New Zealand shares fell as risk appetite worldwide was rattled by events in Cyprus and after retailer Pumpkin Patch said inventory disruptions and tough trading hurt sales in its first half.
The NZX 50 Index fell 46.031 points, or 1.1 percent, to 4341.024. Within the index, 34 stocks fell, nine rose and seven were unchanged. Turnover was $98 million.
Shares fell across the Asia-Pacific region amid concern an EU bailout plan for Cyprus that would clip Cypriot depositors’ funds could spark a run on banks in nearby nations. Japan’s Nikkei 225 Index was down 1.9 percent in early afternoon trading and Hong Kong’s Hang Seng fell 2.1 percent.
Fletcher Building, the biggest company on the NZX 50, fell 3.8 percent to $8.80. NZ Oil & Gas declined 3.4 percent to 86 cents and Chorus, the network company spun off from Telecom in 2011, fell 2.7 percent to $2.87.
A combination of influences, mostly from offshore, accounted for today’s slide, said Anthony Quirk, a director at Milford Asset Management.
Global investors were taking pause to assess the potential for the crisis in the tiny Eurozone economy of Cyprus to have flow-on effects, especially as people in other heavily indebted European nations absorbed the potential to be unable to access cash, as has occurred in Cyprus.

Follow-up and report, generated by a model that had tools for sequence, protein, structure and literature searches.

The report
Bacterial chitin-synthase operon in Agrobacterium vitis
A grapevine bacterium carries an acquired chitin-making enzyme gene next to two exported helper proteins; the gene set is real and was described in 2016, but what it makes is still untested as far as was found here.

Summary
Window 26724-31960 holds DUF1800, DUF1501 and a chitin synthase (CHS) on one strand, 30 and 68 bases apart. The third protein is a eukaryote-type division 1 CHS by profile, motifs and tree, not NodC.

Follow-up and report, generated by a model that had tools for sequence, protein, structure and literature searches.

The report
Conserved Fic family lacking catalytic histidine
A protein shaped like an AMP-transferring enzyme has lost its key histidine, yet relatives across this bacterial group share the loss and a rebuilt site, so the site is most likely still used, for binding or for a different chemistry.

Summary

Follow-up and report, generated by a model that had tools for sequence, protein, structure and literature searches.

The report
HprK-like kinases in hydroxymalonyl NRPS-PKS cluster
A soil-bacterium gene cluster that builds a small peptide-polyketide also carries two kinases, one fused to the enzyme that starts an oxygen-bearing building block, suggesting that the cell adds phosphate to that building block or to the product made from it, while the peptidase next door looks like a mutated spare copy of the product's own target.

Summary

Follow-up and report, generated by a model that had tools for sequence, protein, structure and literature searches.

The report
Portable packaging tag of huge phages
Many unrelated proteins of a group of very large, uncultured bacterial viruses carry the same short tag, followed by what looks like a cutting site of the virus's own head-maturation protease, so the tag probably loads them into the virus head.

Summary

Milford remained “relatively positive” about the outlook for equities, despite the recent strong run-up in local share prices, Quirk said.
Pumpkin Patch fell 5.3 percent to $1.25. The retailer returned to profit in the first half with a net result of $4.7 million as costs to close underperforming stores in the US and UK a year earlier weren’t repeated. Sales fell 5 percent to $153 million and the company had to contend with “pretty subdued” trading in its largest markets of Australia and New Zealand and late delivery of the company’s summer inventory.
Xero, the cloud-based accounting service, fell 2.3 percent to $10.45 after founder Rod Drury said it is too early to look for a listing in the US as some commentators had speculated it would.
Shares may also have declined after Summerset Group announced that Quadrant Private Equity is ceding control of the retirement village operator, selling 18.6 percent of the company while retaining 37.2 percent. The shares last traded on Friday at $2.58 before being halted for the sale via UBS New Zealand.
“The Summerset deal might have taken some money of the market again,” Quirk said.
OceanaGold rose 5.1 percent to $3.33, leading gainers on the benchmark index. Among small caps, Pacific Edge fell 5.3 percent to 72 cents even after announcing that its facility in the US had gained certification.